For the longest time after leaving America in June 2014 to teach English in Ethiopia, I felt like I wasn’t living life. When trying to explain my reality to friends back home, I grasped at ways to connect with them on how badly I needed a life changing experience. At times, my world felt isolated and idle, while the rest of the planet was moving at an unprecedented rate.
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Switch back to present day back in America, where I questioned if I had made a difference or if my community really found the presence of Peace Corps to be helpful in southern and rural Ethiopia. I listened to a podcast the other day that was about coming home after living abroad and how important it was to follow three steps: Return, Reflect and Re-Launch. In returning after being abroad, you process and develop good coping skills. In reflecting, you use what you learned abroad to share feelings with people who might not have had the global life experience that you just had. In re-launch, you use global life ingredients to bring meaning and adventure into your life.
What this podcast ended with was: we need more global citizens!
I messaged my students one day over Facebook to get a feel for what they thought of Peace Corps and if my being there had impacted them or the community in any way. The following are three of my kids answers (with some minor grammar and punctuation adjustments).
The time we spent was unforgettable. You have done and tried to do so much. I still remember those times talking together, spending time with ELIC (English Language Improvement Club) club members, training in Amharic and improving my English. For all this, I would like to give my thanks to Peace Corps and you for having done many useful things in rural Ethiopia specially around Chiri village. For a couple of years, we were not able to communicate by English and we even hesitate to meet foreigners. But now it is not like that. Yes, it is hard for volunteers to adapt our cultures and customs but the most interesting thing is that you did not give up. Andrea, I can say that you are strong and wonderful. You were alone in a village which you have no any experience about, you spent all your years in a situation that everything is complicated. Of course I have met many foreigners before but I can say one thing; they prefer to come if there is another foreigner like them and most of them don’t want to live alone. But you did that! Although you are girl. Thank you for every thing and thank you Peace Corps. God bless you. – Tariku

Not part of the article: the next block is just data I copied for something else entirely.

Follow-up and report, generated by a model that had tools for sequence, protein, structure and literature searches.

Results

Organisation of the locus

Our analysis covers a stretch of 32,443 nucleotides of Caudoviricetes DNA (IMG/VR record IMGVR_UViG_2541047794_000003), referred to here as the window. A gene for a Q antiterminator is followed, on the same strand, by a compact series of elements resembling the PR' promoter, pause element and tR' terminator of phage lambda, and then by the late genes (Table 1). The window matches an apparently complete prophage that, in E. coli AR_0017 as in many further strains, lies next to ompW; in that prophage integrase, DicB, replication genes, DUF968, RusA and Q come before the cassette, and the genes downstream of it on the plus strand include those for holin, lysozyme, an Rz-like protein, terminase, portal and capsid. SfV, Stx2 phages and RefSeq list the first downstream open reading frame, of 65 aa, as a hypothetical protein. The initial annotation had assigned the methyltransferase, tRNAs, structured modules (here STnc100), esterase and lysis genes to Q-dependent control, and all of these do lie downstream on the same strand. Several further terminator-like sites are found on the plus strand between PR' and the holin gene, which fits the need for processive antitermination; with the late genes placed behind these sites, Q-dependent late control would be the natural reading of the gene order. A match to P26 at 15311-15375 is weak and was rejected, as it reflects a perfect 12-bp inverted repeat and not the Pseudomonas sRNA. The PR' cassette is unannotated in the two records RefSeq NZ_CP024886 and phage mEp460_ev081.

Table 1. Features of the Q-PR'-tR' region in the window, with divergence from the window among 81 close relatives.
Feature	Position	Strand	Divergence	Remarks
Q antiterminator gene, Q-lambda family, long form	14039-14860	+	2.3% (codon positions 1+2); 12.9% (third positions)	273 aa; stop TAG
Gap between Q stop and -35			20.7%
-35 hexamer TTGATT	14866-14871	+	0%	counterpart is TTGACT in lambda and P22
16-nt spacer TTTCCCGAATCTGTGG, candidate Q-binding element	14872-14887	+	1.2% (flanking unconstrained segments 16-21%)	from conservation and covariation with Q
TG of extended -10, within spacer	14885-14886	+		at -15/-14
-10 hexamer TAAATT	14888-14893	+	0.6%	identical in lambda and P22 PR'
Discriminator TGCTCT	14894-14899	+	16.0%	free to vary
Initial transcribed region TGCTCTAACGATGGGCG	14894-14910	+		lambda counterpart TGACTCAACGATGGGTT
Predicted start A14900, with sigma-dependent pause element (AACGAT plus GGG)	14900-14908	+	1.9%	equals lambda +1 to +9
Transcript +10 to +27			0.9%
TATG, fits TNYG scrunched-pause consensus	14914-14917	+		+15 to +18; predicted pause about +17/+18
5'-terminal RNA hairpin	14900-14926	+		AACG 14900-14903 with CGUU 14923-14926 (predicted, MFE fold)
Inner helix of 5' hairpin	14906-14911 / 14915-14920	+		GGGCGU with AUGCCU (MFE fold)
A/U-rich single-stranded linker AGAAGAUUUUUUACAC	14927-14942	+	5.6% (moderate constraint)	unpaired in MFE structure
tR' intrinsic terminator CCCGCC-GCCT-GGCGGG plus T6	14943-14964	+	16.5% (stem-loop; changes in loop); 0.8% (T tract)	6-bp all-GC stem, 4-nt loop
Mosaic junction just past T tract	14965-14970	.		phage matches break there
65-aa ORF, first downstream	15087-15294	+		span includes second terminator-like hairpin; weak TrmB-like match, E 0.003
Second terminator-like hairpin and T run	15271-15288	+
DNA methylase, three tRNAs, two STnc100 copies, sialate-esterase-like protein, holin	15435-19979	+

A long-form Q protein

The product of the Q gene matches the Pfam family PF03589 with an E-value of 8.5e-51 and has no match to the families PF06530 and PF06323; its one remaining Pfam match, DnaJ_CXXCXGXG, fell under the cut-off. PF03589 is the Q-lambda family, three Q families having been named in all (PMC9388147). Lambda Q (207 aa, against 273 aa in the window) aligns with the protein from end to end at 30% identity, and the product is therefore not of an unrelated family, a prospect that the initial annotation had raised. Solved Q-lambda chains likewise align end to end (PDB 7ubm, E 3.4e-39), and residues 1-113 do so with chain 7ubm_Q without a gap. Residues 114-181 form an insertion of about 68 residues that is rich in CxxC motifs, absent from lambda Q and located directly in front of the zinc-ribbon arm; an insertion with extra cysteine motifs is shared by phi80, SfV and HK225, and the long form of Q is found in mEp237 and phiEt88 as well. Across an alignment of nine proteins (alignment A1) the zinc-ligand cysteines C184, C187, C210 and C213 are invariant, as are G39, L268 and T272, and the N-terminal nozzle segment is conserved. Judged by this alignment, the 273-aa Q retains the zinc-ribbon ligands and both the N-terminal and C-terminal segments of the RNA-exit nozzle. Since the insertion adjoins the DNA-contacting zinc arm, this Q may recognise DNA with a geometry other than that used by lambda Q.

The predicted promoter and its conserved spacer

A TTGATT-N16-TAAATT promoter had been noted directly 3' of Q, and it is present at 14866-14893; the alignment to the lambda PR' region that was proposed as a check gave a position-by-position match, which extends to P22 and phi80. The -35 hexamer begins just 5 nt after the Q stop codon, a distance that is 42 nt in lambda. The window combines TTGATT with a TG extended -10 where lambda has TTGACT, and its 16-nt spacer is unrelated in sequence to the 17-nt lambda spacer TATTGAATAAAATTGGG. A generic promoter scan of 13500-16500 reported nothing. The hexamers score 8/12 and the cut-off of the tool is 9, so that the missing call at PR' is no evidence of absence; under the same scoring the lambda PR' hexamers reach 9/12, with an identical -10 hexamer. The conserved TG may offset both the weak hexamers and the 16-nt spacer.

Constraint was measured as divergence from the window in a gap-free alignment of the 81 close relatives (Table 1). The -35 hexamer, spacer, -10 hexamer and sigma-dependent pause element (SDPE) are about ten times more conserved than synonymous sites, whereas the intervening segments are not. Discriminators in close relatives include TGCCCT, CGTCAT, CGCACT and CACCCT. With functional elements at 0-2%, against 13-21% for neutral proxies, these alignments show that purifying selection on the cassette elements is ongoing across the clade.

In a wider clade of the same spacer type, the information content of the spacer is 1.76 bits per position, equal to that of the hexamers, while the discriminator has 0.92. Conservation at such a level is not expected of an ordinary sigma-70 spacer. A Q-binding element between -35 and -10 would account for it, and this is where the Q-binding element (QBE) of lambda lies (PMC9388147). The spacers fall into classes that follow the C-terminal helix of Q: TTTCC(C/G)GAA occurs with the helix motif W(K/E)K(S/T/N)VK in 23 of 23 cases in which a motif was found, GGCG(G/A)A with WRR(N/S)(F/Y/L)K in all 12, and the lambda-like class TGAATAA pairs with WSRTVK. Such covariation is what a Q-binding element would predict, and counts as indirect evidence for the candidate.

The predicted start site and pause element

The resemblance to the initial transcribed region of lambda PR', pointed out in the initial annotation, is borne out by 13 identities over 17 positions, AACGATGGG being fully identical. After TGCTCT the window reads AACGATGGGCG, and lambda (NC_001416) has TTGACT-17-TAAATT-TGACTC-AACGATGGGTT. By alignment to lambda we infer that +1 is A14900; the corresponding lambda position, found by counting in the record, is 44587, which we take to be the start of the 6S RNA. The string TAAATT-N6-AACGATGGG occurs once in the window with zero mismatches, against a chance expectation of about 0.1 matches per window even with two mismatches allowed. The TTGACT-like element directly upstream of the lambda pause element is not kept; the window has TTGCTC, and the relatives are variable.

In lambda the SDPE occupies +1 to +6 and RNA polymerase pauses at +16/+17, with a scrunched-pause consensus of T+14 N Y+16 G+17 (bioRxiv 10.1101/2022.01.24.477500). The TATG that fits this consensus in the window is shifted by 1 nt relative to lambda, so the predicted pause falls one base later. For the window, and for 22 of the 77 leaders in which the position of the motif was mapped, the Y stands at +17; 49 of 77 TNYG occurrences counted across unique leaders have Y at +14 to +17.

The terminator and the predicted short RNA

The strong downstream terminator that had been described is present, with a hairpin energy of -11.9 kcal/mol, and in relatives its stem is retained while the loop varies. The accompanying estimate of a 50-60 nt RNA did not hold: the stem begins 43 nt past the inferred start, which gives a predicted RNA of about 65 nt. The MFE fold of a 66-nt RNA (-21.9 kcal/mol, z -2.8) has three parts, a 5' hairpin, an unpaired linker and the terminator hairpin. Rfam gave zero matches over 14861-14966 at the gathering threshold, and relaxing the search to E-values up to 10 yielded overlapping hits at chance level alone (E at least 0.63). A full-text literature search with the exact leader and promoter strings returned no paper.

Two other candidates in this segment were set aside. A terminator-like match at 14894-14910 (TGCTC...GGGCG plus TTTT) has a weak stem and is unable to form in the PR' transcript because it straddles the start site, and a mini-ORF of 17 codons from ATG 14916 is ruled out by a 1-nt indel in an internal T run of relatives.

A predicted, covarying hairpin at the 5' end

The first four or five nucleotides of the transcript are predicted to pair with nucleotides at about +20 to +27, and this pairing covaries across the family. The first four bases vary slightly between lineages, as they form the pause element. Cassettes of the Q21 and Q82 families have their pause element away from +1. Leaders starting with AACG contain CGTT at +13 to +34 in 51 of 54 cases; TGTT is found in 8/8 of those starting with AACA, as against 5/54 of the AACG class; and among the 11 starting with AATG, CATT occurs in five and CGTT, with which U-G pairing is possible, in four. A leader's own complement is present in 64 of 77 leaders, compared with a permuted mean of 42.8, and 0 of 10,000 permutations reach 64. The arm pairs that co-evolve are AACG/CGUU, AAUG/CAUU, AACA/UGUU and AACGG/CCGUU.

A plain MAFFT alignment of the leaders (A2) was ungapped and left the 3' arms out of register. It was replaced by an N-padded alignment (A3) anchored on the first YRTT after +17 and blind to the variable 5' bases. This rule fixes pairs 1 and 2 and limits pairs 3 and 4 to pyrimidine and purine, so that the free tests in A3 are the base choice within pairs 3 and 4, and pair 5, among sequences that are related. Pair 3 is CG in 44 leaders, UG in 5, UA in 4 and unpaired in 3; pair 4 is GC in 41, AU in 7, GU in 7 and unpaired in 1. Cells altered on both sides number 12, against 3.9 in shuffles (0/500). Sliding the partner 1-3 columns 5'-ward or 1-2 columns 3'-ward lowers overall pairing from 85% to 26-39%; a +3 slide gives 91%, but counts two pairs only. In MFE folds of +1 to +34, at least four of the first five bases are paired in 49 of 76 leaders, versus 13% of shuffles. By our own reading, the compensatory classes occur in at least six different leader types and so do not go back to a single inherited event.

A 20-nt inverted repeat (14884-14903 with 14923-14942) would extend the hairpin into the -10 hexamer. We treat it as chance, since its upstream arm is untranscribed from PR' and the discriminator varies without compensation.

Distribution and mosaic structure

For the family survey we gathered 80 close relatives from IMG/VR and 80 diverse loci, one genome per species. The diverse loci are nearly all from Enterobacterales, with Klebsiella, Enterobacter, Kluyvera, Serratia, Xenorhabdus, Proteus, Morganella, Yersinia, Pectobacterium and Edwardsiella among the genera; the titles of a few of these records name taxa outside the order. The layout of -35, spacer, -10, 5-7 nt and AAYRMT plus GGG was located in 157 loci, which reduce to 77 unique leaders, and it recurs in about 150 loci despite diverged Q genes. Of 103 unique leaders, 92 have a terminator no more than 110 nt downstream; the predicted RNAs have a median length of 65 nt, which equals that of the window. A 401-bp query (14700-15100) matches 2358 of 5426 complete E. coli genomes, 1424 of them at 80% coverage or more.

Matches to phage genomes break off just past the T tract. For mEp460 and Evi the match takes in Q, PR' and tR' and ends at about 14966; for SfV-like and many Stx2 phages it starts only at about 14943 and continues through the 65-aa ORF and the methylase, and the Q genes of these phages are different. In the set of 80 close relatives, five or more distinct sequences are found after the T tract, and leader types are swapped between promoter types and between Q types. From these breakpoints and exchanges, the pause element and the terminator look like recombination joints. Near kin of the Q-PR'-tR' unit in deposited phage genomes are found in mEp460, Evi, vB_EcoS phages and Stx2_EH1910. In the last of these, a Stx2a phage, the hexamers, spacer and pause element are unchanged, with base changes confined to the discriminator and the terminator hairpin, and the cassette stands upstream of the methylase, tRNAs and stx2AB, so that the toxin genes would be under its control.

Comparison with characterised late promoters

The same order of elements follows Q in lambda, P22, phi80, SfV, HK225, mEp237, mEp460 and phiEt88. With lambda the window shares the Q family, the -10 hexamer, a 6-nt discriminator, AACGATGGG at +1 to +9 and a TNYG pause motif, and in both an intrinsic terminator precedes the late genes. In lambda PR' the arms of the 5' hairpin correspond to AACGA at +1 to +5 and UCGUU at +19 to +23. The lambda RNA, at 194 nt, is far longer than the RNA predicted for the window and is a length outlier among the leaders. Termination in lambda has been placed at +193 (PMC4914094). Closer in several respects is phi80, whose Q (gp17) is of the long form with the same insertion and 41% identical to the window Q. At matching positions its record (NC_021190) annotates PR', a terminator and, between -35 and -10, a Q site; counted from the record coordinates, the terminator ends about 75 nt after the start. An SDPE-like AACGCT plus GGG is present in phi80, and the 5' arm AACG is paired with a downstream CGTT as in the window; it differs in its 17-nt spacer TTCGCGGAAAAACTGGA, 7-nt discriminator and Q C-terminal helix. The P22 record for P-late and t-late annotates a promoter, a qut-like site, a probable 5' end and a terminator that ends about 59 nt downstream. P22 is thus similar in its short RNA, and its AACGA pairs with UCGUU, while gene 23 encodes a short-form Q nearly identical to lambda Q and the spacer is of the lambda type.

Andrea, to me, is not simply a Peace Corps’ volunteer teacher but also a sister who advises me how to act as a good person. – Eletu
We (I & all my classmates) were satisfied by your thought. You let us improve our language skill by practicing English specially in a conversation. We were amazed and we were interested. – Tekalign
Time abroad broadens perspectives. What would our country look like with more young people spending their time understanding a global issue by experiencing it first hand as opposed to just scrolling through it on their Facebook feed? What will convince more young people to interact our world in a bigger way? How can America recruit more global citizens?
The answer is easy – be the change you wish to see in the world. Working and living in a developing country, you are helping a young man and woman learn to think differently than what they know. In turn, you are also learning about the greatest injustices around the world: extreme poverty. Most importantly, we learn that no matter the culture, religion, or gender – we’re all the same. We all have doubts, fears, wishes, hopes and dream. Whether it’s joining the Peace Corps, AmeriCorps, or some other volunteer opportunity, do it because you never know how much of an impact you can have and others can have on you. Fight and become a global citizen because we know that we must be the ones to do something about it.